2023 Quarterly Review: What’s Happening in Recruitment?

It’s that time again. It’s your quarterly review. Get excited because this is a great time to review some of the amazing accomplishments you and other pros like you have made in recruitment for 2023 thus far! Despite recruitment challenges, things are starting to balance out in the candidate market – partly because of the brilliant ideas and methods being used.

Recruiters are faced with unclear work arrangements.

Heading into 2023, there was a great deal of uncertainty regarding whether employees would be required to return to the office. The heads of some of the most powerful companies insisted on giving employees the option to either commit to in-office work again or be terminated. Elon Musk, most known for his successful innovation at Tesla and SpaceX, purchased and took over leadership at Twitter. Soon after, employees and other business leaders criticized him for blasting off emails mandating that employees return to the office and work at least 40 hours weekly. Reed Hastings, CEO of Netflix, expressed similar sentiments. He told sources that he did not see the value in allowing employees to work remotely. He went on to support his claim by saying he would likely institute a 4-day workweek onsite.

Many companies are fluctuating between full remote work or in-office arrangements. Meanwhile, others are using a hybrid model which requires employees to be in the office a few days each week. This challenges struggling recruiters to find candidates willing to work in the office. The best recruiters, however, listen to what candidates want and try to accommodate their needs regarding work arrangements. 

There’s still room for improvement. 

You may find it surprising to hear that many of your colleagues face increased levels of stress and burnout on the job. Recruiters work long hours, often to meet the demands of their agencies. Corporate recruiters face a lot of pressure from leaders who need good people now, knowing fully well that it can take a long time to find the right person for every job opening.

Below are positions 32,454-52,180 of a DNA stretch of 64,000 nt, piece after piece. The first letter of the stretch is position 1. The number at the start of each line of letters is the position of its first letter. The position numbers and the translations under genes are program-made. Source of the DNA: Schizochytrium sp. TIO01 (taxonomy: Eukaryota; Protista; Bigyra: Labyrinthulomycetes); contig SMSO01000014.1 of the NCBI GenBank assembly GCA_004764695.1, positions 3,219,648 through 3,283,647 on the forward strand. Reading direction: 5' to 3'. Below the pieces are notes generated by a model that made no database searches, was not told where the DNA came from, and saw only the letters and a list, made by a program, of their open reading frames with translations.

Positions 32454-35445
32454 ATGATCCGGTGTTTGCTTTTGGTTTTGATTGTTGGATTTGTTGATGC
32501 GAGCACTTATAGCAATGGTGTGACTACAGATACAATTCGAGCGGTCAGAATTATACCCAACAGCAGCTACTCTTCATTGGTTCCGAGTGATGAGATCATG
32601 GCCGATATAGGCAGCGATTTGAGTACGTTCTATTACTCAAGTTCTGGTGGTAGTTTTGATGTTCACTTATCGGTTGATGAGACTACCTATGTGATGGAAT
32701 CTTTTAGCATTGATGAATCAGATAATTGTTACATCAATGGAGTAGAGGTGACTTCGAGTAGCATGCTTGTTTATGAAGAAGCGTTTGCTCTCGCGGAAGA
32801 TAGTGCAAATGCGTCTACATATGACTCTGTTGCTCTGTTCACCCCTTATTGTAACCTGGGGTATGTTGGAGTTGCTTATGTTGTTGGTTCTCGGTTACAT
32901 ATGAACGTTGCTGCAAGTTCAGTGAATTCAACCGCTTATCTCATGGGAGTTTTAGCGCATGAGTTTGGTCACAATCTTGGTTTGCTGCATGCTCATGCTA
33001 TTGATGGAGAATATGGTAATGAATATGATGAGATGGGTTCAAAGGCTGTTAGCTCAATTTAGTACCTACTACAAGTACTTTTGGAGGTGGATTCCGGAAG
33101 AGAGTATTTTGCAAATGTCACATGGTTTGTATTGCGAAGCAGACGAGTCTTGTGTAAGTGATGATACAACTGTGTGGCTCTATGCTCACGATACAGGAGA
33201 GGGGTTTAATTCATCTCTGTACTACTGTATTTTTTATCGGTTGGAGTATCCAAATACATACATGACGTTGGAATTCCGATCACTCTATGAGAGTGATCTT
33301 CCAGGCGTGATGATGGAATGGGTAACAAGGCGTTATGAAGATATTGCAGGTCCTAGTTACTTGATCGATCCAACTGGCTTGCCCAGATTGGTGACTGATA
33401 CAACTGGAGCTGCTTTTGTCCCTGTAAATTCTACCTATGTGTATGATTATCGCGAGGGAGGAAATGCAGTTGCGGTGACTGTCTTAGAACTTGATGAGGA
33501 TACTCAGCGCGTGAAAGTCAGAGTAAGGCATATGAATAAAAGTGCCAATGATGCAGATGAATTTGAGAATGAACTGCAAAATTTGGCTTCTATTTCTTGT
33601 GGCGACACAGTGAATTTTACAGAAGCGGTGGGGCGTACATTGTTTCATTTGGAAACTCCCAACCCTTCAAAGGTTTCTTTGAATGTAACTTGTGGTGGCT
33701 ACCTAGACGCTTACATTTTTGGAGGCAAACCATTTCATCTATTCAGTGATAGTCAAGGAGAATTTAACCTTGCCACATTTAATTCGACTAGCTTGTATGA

Add to this the inefficiencies with some recruitment platforms and processes. It becomes a never-ending cycle of frustration. It’s taking longer to recruit talent when it should take less time. In a State of Hiring and Recruiting Report for 2023, KarmaCheck found that

“73% of HR leaders are experiencing burnout as a direct result of missing the mark in hiring and recruitment, with interview scheduling issues (53%) and slow screening and evaluation (42%) as the top contributors.” 

Just as it’s become critical for organizations to focus on employees’ mental health and well-being, it’s equally important for recruiters to have healthy work environments and better systems for managing their varied tasks. They need responsive recruitment platforms that allow for the seamless processing of candidates. That way, they can create great experiences that will reel in top candidates.

Is it live or a bot?